Well it’s been a little bit since I last talked to you Rick Lentini so I thought I would send you an email just to say hello, fill you in on how things are going out here, and see how everything is on your side of the world. Out here is all the same, its hot during the day, a little chilly at night and dusty all the time. Without breaching OPSEC I can tell you that our mission is going somewhat smooth and morale is at an all time high. We have a lot of moving parts and long days but at the end of every day the guys and myself are ready to attack the gym and get some well deserved rest just so we can wake up and do it all over again. Cpl Trousdale* and myself have made great progress in spreading the good word on IGF and have a lot of Marines, Soldiers, and Airmen, all coming back saying they are surprised with how effective IGF has been in not only their lifting but everyday work and play. OORAH to IGF! As for me, well I am just as pleased as everyone else, but more so that I’ve had the opportunity to communicate with you directly, it’s been a great pleasure. Semper Fidelis.
To achieve an optimal outcome, Deer Antler Spray is best used first thing in the morning upon waking and nightly before going to bed. Many users find it effective to keep their spray on their nightstands to help keep them to this routine. To amp up your performance and maximize your results, pair our Deer Antler Spray with our Deer Antler Endurance Spray. Deer Antler Endurance Spray helps keep your muscles oxygenated and the lactic acid at bay.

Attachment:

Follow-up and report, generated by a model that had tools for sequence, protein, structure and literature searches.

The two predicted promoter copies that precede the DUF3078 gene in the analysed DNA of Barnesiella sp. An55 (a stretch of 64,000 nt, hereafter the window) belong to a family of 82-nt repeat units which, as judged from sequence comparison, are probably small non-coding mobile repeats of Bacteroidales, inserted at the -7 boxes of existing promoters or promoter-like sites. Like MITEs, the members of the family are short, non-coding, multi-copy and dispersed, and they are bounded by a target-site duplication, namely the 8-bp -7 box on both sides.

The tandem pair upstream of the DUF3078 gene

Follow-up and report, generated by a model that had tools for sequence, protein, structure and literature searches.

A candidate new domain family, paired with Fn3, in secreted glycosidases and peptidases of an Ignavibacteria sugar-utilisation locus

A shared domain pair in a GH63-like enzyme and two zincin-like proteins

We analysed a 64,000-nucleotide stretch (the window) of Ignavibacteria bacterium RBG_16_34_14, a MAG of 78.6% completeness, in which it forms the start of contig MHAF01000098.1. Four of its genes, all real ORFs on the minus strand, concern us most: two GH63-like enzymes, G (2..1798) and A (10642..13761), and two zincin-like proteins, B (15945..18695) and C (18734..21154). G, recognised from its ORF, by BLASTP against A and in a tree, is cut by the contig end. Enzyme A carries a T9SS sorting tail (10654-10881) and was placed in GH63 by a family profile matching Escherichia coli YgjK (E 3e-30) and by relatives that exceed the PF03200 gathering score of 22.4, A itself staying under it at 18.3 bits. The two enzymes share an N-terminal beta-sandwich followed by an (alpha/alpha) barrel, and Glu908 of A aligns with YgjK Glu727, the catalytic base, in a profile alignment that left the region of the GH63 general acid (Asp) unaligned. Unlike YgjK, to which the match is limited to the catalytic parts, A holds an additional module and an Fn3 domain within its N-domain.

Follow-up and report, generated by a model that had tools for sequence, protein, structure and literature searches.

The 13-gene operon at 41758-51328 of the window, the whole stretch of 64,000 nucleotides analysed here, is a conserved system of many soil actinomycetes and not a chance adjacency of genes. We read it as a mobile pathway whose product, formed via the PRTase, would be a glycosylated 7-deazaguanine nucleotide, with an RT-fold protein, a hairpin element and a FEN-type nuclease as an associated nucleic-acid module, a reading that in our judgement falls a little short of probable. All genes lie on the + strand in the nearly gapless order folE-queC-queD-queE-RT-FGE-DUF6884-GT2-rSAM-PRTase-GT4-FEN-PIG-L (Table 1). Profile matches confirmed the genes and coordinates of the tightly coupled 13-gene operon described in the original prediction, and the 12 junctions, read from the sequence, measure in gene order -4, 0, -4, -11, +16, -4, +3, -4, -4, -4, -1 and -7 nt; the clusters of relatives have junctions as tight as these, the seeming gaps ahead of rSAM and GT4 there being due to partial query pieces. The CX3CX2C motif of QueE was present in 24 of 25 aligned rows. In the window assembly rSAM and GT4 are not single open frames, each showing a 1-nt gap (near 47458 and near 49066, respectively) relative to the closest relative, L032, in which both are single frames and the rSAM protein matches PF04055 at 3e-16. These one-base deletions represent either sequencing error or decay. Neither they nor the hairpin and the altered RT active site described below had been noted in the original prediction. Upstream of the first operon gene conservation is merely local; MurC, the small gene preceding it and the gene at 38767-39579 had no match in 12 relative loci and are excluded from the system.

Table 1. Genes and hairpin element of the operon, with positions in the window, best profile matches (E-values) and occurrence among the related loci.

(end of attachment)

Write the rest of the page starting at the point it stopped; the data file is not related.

Russian bodybuilders have claimed to benefit from deer antler velvet by increasing muscle and nerve strength in the late 1960’s. Earlier studies found similar results in laboratory animals and athletes given pantocrin, an extract of deer antler velvet. Several studies show a positive correlation between consistent use of deer antler velvet and cardiovascular health. Human subjects who used deer antler velvet were able to endure larger work loads and experienced a shorter recovery time between exercises.
Most of the world's supply of velvet antler comes from Sika deer, red deer and elk or wapiti, including a large deer ranching industry in New Zealand. New Zealand is the world’s largest producer of velvet, producing 450-500 tons of red deer velvet antler annually.[1] China produces 400 tons of predominantly Sika deer velvet antler annually. Russia produces 80 tons annually. United States and Canada each produce 20 tons annually.[2]
In Asia, velvet antler is dried and sold as slices, or as a powder which may be boiled in water, usually with other herbs and ingredients, and consumed as a medicinal soup.[6] In the traditional commercial trade of Korea and China, whole stick antler velvet is divided into three sections based upon their supposed properties. Although there is an absence of uniform standardization, these sections are known as the wax piece (uppers or tips), the blood piece (middles), and the bone piece (bottoms): the wax piece may be marketed as a growth tonic for children, the blood piece supposedly for joint and bone health, and the bone piece supposedly for calcium deficiency and geriatric needs.[2][5][9] Early commercial activity in Russia between the 1930s and 1980s led to the production of an alcohol extract from deer antler velvet marketed under the Russian drug trade name Pantocrin (also pantocrine or pantokrin).[10][11]